- Turbocharged: Tchaikovsky was incredibly inspired in his last years. He sketched Sleeping Beauty (1889) in 40 days, then went to Italy where he composed the huge opera The Queen of Spades (1890) in 43 days, and managed to sneak in the string sextet, Souvenir de Florence in June/ July of the same year.
- Pistol Pete: Known for his oh-so-Russian melancholy, Tchaikovsky enjoyed clowning around in his youth. During his early years in Moscow he was also a free-spender.
- Confidante: Tchaikovsky's correspondence with Nadezhda von Meck covers 14 years (1877-1890). For most of that time his letters are virtually a diary.
- David Brown, Tchaikovsky, The Man and His Music (Pegasus Books 2007, paperback 2009). A condensation of the author's four-volume biography. Extremely readable, packed with information. The author seems to have backtracked a little in accepting the conspiracy theory of the composer's death.
- Alexander Poznansky, Tchaikovsky Through Others' Eyes (Indiana UP, 1999). This compilation of interviews, diary entries, and memoirs illuminates many unreported sides of the composer's personality.
Explore the Music
- Though pegged as overly emotional by Western European musical critics during his lifetime and even now, Tchaikovsky commanded impeccable technique and managed to fuse Western European classicism with Russian national idioms.
- Tchaikovsky's three ballet scores-Swan Lake, The Nutcracker, The Sleeping Beauty-were the most ambitious, complex, and fully realized works created for the form up to that time. They laid the foundation for the important role that dance would play in 20th-century music and remain to this day staples of the ballet repertoire.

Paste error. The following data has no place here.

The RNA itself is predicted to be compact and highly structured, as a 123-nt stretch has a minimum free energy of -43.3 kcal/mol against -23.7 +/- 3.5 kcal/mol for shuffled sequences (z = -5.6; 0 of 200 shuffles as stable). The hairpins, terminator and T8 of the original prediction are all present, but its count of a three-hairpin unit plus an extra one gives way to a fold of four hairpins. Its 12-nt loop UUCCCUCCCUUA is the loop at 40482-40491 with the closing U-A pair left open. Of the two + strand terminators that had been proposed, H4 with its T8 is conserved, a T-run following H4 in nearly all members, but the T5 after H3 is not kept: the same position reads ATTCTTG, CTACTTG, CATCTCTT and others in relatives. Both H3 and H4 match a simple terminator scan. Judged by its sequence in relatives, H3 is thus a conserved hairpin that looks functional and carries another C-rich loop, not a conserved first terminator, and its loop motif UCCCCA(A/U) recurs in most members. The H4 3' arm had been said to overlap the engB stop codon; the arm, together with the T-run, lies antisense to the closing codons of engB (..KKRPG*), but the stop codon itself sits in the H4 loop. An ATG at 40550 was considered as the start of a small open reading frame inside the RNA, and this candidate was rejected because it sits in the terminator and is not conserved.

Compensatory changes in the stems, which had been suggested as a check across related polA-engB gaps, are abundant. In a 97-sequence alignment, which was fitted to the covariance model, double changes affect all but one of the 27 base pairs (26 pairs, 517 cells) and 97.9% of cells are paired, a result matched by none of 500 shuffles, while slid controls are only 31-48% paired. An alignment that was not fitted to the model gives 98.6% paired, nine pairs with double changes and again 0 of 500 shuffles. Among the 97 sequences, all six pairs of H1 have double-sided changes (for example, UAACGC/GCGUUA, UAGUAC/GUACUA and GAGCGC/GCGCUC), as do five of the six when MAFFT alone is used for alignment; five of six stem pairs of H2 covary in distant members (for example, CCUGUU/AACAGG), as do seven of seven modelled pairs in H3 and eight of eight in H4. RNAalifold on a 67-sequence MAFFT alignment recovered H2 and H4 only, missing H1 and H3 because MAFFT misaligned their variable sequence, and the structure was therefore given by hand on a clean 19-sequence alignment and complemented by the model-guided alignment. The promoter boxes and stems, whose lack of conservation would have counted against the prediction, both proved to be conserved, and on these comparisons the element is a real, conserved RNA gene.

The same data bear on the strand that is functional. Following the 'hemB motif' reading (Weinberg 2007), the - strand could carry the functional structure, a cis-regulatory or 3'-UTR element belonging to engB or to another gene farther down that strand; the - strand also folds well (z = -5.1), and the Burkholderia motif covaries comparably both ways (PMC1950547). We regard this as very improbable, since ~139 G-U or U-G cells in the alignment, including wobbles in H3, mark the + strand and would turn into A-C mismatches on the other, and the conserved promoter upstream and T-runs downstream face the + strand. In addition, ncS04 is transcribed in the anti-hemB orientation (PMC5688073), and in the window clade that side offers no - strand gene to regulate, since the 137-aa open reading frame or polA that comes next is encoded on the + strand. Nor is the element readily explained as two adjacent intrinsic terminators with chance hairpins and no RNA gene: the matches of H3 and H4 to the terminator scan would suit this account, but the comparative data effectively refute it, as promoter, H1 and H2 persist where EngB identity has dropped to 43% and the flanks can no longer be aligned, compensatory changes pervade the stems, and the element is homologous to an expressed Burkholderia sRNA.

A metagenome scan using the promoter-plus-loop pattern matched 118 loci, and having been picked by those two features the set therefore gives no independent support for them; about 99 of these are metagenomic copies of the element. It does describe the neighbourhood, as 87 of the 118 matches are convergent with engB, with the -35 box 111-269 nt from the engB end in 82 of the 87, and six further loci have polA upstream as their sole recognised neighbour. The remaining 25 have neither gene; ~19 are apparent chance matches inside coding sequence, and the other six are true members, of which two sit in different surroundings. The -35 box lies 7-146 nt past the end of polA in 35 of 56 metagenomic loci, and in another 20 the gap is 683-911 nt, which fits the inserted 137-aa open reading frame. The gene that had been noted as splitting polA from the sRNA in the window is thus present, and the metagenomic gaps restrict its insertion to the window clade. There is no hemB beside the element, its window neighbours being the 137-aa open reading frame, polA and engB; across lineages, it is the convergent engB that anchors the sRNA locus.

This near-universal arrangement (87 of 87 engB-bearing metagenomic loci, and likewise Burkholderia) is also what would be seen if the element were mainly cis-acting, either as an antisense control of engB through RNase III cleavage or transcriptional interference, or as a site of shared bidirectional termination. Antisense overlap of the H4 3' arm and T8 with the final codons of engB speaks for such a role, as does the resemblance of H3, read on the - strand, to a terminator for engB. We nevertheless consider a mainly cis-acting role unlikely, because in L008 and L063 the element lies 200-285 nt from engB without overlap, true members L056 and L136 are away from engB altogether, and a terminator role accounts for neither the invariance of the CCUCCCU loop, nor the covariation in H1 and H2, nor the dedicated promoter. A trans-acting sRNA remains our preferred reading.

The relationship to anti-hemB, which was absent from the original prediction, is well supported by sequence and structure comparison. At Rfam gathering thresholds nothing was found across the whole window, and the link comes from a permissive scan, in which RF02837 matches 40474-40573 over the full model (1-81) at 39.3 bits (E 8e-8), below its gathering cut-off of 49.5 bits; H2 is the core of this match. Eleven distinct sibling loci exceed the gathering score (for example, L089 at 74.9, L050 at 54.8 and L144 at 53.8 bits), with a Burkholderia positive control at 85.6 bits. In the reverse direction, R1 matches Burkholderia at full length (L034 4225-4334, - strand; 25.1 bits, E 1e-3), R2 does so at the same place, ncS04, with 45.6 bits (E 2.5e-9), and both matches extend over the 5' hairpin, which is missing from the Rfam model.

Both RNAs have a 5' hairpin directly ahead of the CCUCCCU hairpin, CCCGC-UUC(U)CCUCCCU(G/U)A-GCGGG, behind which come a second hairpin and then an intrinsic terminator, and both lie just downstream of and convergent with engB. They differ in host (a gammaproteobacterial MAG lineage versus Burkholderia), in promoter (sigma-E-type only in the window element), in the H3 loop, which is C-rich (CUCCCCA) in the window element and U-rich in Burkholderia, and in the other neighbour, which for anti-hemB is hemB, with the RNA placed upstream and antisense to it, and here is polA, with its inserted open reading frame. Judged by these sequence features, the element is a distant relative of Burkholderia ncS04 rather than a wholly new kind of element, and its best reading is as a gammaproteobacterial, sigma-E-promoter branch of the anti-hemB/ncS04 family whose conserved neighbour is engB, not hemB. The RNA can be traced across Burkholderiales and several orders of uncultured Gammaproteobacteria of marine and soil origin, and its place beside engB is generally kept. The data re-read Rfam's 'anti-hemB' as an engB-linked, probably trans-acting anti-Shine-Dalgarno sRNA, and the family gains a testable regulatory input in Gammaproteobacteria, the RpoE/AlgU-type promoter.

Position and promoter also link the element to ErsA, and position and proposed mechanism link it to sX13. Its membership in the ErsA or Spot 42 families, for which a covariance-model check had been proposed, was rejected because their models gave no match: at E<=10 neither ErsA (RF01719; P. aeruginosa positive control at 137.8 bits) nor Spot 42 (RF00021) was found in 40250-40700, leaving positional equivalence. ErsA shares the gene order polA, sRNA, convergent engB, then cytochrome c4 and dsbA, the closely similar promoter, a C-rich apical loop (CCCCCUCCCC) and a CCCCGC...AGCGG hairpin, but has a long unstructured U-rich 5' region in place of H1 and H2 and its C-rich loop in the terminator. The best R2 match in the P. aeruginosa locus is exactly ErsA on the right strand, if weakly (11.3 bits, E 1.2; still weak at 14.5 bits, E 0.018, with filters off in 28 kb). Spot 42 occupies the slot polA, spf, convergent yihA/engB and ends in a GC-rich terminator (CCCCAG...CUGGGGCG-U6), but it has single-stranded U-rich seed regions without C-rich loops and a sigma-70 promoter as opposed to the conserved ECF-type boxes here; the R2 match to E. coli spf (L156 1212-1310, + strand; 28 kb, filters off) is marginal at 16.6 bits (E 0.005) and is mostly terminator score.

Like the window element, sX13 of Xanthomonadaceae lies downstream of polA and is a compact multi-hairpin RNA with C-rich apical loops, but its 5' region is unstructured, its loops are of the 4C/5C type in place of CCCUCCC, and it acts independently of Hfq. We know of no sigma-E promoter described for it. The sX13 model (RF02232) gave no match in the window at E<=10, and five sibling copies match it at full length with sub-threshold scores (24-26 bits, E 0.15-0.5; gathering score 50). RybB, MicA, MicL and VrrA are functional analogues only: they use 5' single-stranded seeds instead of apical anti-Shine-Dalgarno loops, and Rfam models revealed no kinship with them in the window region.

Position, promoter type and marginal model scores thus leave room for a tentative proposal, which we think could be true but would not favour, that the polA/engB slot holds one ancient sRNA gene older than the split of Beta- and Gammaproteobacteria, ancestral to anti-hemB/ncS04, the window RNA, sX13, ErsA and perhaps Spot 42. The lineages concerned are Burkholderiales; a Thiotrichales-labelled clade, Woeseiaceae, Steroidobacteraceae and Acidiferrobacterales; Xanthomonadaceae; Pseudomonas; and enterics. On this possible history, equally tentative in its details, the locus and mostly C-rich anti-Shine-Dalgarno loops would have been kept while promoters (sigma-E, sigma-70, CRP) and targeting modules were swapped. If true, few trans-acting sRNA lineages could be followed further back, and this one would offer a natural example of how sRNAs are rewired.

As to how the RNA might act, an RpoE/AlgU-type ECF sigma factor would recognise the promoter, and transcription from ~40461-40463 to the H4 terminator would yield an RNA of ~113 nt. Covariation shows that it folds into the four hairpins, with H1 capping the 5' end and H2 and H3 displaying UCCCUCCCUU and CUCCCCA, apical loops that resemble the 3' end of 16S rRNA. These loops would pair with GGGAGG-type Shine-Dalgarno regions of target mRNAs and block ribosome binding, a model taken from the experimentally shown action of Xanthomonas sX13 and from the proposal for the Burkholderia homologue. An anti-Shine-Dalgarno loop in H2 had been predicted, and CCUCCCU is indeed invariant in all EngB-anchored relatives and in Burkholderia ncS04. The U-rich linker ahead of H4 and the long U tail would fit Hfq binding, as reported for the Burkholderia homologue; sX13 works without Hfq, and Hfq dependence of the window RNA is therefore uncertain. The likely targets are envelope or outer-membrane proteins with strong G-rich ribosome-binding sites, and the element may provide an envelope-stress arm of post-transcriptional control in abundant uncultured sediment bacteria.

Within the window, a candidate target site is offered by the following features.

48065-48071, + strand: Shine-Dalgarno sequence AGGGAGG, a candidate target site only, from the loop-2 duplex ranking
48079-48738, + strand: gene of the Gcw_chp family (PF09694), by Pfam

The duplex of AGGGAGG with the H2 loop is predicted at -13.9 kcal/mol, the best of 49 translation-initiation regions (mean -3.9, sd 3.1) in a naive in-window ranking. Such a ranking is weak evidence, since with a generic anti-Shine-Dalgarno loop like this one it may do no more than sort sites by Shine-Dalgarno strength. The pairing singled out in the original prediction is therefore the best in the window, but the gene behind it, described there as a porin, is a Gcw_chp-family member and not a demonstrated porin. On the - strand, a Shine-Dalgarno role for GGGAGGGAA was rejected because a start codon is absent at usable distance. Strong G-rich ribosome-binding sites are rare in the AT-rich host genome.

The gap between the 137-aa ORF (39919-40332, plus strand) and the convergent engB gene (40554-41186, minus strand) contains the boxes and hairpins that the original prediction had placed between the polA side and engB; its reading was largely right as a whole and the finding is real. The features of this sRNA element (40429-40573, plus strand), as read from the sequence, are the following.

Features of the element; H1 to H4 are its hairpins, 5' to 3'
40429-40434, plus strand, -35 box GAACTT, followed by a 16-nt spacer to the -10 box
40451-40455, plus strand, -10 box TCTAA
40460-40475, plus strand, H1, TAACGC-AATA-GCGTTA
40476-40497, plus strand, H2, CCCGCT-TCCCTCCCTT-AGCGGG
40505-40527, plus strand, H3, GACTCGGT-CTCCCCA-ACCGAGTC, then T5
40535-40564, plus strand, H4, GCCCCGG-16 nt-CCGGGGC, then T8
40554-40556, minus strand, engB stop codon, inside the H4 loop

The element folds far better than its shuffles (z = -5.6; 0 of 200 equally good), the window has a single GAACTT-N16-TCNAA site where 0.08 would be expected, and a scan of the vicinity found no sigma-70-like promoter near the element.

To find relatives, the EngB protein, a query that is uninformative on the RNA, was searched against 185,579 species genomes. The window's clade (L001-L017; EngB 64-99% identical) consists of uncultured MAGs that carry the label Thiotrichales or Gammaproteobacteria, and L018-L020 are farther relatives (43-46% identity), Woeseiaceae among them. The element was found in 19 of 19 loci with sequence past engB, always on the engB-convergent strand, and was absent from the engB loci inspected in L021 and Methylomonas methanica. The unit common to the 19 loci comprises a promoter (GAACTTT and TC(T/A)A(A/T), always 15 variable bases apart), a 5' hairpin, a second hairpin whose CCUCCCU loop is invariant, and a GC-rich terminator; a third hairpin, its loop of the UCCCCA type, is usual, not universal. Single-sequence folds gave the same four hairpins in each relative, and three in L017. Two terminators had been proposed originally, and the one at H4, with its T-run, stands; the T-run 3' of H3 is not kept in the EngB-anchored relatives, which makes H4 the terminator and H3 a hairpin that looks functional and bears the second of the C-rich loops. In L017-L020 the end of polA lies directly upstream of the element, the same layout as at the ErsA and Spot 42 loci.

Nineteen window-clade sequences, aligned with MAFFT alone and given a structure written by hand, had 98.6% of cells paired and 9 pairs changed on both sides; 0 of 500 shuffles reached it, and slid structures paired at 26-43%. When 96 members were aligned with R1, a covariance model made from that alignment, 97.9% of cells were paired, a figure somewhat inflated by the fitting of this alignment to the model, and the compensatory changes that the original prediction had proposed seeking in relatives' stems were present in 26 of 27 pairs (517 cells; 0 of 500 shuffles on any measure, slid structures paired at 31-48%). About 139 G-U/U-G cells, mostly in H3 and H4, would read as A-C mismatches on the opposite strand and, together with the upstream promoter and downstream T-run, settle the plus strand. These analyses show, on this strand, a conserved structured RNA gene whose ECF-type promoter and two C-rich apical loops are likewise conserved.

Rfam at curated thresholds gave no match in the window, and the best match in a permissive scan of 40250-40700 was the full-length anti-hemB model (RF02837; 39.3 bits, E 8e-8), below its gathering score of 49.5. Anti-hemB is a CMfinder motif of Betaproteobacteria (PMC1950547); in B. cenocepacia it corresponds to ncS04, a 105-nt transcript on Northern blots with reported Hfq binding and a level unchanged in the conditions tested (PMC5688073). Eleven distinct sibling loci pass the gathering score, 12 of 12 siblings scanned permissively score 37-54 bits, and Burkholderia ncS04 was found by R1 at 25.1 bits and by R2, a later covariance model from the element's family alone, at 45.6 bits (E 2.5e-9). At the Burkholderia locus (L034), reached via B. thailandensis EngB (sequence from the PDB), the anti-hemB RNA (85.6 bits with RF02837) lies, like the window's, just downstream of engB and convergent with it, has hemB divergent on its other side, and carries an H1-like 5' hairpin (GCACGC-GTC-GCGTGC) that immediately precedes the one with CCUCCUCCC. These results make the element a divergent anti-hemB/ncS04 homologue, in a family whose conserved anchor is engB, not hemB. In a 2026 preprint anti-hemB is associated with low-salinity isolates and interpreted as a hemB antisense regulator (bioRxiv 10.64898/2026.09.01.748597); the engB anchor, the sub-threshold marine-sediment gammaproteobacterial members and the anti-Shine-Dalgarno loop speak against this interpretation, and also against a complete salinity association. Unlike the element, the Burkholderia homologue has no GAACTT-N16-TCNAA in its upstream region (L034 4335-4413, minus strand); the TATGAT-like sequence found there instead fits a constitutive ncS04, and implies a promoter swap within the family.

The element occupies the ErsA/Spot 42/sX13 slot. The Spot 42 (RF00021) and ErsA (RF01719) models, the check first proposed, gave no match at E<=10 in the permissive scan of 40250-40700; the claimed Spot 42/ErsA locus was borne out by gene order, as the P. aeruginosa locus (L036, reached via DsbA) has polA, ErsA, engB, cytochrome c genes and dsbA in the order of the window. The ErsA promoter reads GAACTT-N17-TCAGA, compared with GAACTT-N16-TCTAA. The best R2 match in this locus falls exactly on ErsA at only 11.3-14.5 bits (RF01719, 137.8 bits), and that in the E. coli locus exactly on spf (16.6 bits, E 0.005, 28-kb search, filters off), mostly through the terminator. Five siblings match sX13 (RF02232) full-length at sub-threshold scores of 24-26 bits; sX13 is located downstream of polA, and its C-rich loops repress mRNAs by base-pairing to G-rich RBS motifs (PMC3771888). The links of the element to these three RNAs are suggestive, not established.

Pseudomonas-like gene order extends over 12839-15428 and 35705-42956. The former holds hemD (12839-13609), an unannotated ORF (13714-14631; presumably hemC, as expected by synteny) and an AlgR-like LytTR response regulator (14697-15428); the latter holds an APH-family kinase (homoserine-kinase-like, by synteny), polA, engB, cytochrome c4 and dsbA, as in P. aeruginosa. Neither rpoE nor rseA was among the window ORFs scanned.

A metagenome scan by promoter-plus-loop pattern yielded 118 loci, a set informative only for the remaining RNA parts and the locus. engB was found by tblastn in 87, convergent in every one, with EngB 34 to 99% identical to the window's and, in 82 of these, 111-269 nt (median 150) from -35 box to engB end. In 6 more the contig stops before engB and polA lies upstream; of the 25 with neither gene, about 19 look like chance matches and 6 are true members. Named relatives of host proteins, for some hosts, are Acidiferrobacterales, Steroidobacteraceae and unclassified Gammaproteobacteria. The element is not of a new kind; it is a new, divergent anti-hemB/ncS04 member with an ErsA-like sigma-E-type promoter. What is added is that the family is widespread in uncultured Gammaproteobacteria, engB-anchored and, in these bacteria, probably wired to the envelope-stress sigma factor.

- Swans aplenty: The version of the ballet Swan Lake that we generally know today, is very different from the one that premiered at the Bolshoi Theater in Moscow in 1877. Today's standard version of this classic was choreographed by Petipa and his assistant Lev Ivanov, to a new libretto/scenario after the composer's death. Their version required some shuffling of music, which was done by Richard Drigo, who also added arrangments of other Tchaikovsky compositions.
- Nutcracker Knocked: Though the Suite from the Nutcracker ballet (1892) quickly became popular, the ballet itself was panned at its first performance. It was not performed outside Russia until 1934, in London. The first full-length U.S. production was by San Francisco Ballet, in 1944, and the famous George Balanchine production, which cemented the work in the repertory, was first seen at the New York City Ballet in 1954.
- 1812 Remembered: Tchaikovsky's famous "solemn overture" was written to commemorate the anniversary of the Russian victory over Napoleon's armies at the Battle of Borodino. Tchaikovsky never liked the piece. It was first performed in the new Cathedral of Christ the Savior, in Moscow on August 20, 1882...without the cannons or pealing bells that the score calls for.
- Wikipedia entry for Tchaikovsky
- Free Tchaikovsky scores at the International Music Score Library Project
- Tchaikovsky Research
Nutcracker Suite, Op. 71a
(Piano Solo). By Peter Ilyich Tchaikovsky (1840-1893). Edited by Carl Deis. Arranged by Stepan Esipoff. For solo piano. Piano Large Works. Classical Period and Christmas. SMP Level 7 (Late Intermediate). Collection. Standard notation, fingerings and introductory text (does not include words to the songs). 43 pages. G. Schirmer #LB1447. Published by G. Schirmer (HL.50259300)
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Concerto No. 1 in Bb Minor, Op. 23
(Originally for Piano and Orchestra). By Peter Ilyich Tchaikovsky (1840-1893). Edited by Rafael Joseffy. For piano solo and piano accompaniment. Piano. Classical Period. SMP Level 10 (Advanced). Book. Standard notation, fingerings and piano reduction. Opus 23. 97 pages. G. Schirmer #LB1045. Published by G. Schirmer (HL.50257530)